Taylor Swift: When and where you can see new video for 'Wildest Dreams'

'Wildest Dreams' is the newest track off Swift's album '1989' to get a music video. Swift released a video for her song 'Bad Blood' to coincide with this year's Billboard Music Awards.

Matt Sayles/Invision/AP
Taylor Swift performs during the '1989' world tour at Staples Center in Los Angeles.

Singer Taylor Swift will reportedly debut a video for her song “Wildest Dreams” on the night of this year’s MTV Video Music Awards. 

The VMAs will be held on Aug. 30 and Swift herself is nominated for various prizes, such as video of the year and best female video. 

“Dreams” is a track on her latest album, “1989,” which was released in 2014. Swift posted a brief preview of the video for “Dreams” on her Twitter account and according to the preview, Swift’s new video will debut during the pre-show for the VMAs. 

Swift’s “1989” has already spawned various hit songs – her song “Bad Blood,” which is nominated for various VMAs, is currently at number nine on the Billboard Hot 100 for the week of Aug. 29 and other songs from the album like “Shake It Off” and “Blank Space” have also done well.

The singer has had luck recently with debuting new music videos around awards ceremonies. Her video for “Bad Blood” debuted on the night of the Billboard Music Awards this past May and had been teased beforehand with photos of various celebrities who appeared in the video like Lena Dunham and Kendrick Lamar. The video broke a record for the number of views in 24 hours for the video service Vevo.

“Dreams” also comes with a celebrity attachment – Scott Eastwood, who starred in the 2015 romantic film “The Longest Ride,” is reportedly appearing in Swift’s upcoming video.

Swift’s strategy harkens back to a time when music videos were cultural touchstones. The anniversary of Michael Jackson’s legendary “Thriller” video premiering on MTV was celebrated when the December date rolled around, but videos are currently far less emphasized on TV – MTV itself took out the “Music Television” part of its name in 2010. Most music videos are most likely now viewed on YouTube and the dates on which the videos arrive there aren’t as trumpeted.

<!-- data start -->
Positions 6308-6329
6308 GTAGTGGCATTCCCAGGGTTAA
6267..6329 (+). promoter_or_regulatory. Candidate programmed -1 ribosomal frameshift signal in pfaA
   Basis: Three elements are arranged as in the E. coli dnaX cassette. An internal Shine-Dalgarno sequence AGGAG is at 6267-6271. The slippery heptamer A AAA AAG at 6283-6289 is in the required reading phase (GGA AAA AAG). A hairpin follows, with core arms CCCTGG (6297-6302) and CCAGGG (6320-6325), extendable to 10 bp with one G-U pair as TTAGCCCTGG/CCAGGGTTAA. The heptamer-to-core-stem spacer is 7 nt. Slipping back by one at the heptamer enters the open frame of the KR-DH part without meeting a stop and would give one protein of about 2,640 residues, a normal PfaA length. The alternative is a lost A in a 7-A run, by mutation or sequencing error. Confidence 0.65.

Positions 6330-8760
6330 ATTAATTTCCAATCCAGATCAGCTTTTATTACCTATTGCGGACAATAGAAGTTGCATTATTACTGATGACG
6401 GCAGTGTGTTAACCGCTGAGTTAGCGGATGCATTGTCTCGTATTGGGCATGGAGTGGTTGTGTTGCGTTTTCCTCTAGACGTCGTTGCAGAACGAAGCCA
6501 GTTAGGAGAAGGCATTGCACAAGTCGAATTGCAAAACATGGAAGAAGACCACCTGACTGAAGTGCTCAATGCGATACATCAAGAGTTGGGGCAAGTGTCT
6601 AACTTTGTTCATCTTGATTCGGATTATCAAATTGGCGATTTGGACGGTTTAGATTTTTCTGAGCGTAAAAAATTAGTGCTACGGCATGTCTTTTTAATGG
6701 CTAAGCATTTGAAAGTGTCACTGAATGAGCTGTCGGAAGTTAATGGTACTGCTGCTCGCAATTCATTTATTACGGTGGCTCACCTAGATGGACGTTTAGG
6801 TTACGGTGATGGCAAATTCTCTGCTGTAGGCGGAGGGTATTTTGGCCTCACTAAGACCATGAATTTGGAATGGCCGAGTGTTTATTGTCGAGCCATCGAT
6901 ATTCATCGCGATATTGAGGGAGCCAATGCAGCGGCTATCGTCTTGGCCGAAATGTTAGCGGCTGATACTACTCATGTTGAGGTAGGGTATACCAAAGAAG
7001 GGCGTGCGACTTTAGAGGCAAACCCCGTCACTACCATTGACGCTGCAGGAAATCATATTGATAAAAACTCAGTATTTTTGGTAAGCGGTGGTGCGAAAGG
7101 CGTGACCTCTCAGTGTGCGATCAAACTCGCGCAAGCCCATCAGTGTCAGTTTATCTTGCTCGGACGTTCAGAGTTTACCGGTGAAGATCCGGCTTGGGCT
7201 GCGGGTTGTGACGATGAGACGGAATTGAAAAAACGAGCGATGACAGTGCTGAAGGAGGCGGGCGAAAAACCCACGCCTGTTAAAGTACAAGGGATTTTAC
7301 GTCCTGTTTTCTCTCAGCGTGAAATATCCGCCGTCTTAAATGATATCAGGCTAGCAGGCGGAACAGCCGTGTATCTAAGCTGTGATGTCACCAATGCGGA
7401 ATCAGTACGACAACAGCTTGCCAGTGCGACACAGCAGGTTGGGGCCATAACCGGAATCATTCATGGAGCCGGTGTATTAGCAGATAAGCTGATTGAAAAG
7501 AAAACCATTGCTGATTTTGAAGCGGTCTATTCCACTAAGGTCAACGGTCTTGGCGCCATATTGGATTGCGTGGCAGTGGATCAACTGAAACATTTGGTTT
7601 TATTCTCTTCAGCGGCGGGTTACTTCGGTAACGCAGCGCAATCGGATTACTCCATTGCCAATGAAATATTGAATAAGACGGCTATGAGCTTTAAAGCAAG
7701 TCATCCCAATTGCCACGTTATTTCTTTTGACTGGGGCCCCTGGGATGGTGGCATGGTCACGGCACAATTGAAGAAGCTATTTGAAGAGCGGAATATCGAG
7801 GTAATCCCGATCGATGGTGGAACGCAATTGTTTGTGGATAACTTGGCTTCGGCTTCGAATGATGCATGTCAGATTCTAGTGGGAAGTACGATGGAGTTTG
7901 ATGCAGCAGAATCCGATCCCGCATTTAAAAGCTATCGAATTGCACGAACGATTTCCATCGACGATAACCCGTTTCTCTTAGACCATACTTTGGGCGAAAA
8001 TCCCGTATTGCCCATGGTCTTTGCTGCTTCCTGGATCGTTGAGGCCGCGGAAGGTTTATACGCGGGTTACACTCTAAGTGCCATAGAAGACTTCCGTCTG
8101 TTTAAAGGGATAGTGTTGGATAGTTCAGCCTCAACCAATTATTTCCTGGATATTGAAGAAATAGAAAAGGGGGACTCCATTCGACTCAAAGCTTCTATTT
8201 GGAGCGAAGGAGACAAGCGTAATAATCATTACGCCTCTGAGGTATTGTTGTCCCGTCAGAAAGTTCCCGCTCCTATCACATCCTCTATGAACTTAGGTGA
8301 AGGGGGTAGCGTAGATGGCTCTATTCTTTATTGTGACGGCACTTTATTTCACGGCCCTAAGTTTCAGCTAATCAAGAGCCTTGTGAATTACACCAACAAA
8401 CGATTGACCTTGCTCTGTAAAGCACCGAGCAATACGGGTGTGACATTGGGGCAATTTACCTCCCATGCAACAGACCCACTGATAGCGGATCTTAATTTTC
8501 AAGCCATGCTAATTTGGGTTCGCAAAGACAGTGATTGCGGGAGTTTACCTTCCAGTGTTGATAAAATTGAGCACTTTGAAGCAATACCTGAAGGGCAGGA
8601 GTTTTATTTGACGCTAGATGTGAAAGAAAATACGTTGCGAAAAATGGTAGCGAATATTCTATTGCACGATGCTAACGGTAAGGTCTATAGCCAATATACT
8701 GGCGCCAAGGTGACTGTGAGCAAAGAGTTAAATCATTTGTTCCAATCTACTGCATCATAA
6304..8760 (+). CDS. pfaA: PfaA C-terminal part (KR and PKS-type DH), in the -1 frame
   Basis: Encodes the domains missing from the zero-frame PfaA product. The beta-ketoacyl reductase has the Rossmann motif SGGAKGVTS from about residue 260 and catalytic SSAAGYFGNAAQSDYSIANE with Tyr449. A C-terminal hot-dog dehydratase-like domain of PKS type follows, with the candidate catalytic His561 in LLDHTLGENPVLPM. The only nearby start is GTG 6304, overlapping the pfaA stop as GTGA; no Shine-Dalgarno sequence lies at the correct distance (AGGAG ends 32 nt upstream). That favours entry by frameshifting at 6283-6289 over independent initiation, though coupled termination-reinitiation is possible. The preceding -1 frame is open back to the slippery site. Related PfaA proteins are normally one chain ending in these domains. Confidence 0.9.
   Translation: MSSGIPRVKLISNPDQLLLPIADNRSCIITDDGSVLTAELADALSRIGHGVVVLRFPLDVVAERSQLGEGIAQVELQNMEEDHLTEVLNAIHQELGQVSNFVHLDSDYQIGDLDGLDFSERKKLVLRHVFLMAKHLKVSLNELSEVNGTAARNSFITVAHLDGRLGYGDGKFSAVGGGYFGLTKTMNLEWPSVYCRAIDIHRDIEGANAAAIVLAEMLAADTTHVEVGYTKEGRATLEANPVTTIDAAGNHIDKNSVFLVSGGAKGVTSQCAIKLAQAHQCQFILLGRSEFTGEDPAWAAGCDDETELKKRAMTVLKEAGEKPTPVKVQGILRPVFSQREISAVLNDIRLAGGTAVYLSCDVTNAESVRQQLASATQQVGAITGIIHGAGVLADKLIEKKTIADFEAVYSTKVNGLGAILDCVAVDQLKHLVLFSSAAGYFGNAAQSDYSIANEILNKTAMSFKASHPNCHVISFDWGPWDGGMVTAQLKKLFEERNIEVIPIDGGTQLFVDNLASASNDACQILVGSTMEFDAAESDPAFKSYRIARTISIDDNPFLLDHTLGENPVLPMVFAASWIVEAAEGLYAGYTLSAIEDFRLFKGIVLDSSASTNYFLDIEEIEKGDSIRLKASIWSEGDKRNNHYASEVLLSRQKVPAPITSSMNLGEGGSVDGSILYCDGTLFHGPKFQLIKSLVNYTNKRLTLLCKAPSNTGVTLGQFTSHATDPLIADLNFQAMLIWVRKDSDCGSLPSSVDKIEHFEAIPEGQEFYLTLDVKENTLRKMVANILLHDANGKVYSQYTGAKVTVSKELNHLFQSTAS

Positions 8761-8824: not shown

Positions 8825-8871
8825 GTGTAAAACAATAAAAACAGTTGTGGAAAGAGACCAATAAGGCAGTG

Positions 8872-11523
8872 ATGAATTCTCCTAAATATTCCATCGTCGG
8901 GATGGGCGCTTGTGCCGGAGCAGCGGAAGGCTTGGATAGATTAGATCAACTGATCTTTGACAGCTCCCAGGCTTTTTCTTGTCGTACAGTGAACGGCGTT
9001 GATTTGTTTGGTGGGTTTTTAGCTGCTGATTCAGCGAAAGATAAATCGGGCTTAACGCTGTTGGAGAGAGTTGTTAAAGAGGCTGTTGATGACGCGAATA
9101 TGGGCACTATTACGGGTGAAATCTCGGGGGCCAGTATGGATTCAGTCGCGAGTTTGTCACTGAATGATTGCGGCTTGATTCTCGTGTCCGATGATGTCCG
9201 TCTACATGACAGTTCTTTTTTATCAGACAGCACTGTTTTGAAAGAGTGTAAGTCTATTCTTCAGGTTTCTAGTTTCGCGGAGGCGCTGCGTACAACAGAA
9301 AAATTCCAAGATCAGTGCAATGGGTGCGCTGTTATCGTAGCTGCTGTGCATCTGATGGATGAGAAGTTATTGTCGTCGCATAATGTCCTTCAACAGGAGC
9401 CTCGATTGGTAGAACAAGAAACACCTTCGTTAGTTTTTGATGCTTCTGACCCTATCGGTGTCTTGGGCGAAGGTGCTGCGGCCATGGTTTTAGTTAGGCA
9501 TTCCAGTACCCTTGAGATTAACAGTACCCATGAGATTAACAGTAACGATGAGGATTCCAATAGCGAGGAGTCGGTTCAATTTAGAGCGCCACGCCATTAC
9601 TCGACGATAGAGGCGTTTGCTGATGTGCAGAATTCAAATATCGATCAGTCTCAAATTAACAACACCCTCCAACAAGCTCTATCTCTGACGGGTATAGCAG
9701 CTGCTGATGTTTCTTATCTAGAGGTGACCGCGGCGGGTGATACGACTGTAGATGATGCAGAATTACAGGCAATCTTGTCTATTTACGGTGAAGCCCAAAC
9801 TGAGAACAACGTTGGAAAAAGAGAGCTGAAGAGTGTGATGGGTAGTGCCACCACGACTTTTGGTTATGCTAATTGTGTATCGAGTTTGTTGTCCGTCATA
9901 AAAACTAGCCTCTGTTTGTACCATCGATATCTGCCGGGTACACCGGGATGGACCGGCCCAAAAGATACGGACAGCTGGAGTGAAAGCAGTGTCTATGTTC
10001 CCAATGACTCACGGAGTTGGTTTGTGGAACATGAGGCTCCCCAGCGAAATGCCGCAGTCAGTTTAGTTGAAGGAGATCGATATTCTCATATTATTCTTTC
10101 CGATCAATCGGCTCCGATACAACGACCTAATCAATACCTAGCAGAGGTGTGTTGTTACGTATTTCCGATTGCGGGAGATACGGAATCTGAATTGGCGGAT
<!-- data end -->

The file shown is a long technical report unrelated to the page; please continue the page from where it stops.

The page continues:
By contrast, Swift is making the arrival of her videos events. Plenty of hints about who would be in the “Bad” video were released before the video itself premiered and multiple media outlets called the debut of the video “highly anticipated.” Swift premiering her videos on television draws even more attention to them.

Some other artists have also recently been successful at drumming up excitement for the release of their videos – for example, the video for Nicki Minaj's 2014 song "Anaconda" garnered attention and held the record on Vevo for the most views in 24 hours before "Bad" claimed the record.

You've read  of  free articles. Subscribe to continue.

Dear Reader,

About a year ago, I happened upon this statement about the Monitor in the Harvard Business Review – under the charming heading of “do things that don’t interest you”:

“Many things that end up” being meaningful, writes social scientist Joseph Grenny, “have come from conference workshops, articles, or online videos that began as a chore and ended with an insight. My work in Kenya, for example, was heavily influenced by a Christian Science Monitor article I had forced myself to read 10 years earlier. Sometimes, we call things ‘boring’ simply because they lie outside the box we are currently in.”

If you were to come up with a punchline to a joke about the Monitor, that would probably be it. We’re seen as being global, fair, insightful, and perhaps a bit too earnest. We’re the bran muffin of journalism.

But you know what? We change lives. And I’m going to argue that we change lives precisely because we force open that too-small box that most human beings think they live in.

The Monitor is a peculiar little publication that’s hard for the world to figure out. We’re run by a church, but we’re not only for church members and we’re not about converting people. We’re known as being fair even as the world becomes as polarized as at any time since the newspaper’s founding in 1908.

We have a mission beyond circulation, we want to bridge divides. We’re about kicking down the door of thought everywhere and saying, “You are bigger and more capable than you realize. And we can prove it.”

If you’re looking for bran muffin journalism, you can subscribe to the Monitor for $15. You’ll get the Monitor Weekly magazine, the Monitor Daily email, and unlimited access to CSMonitor.com.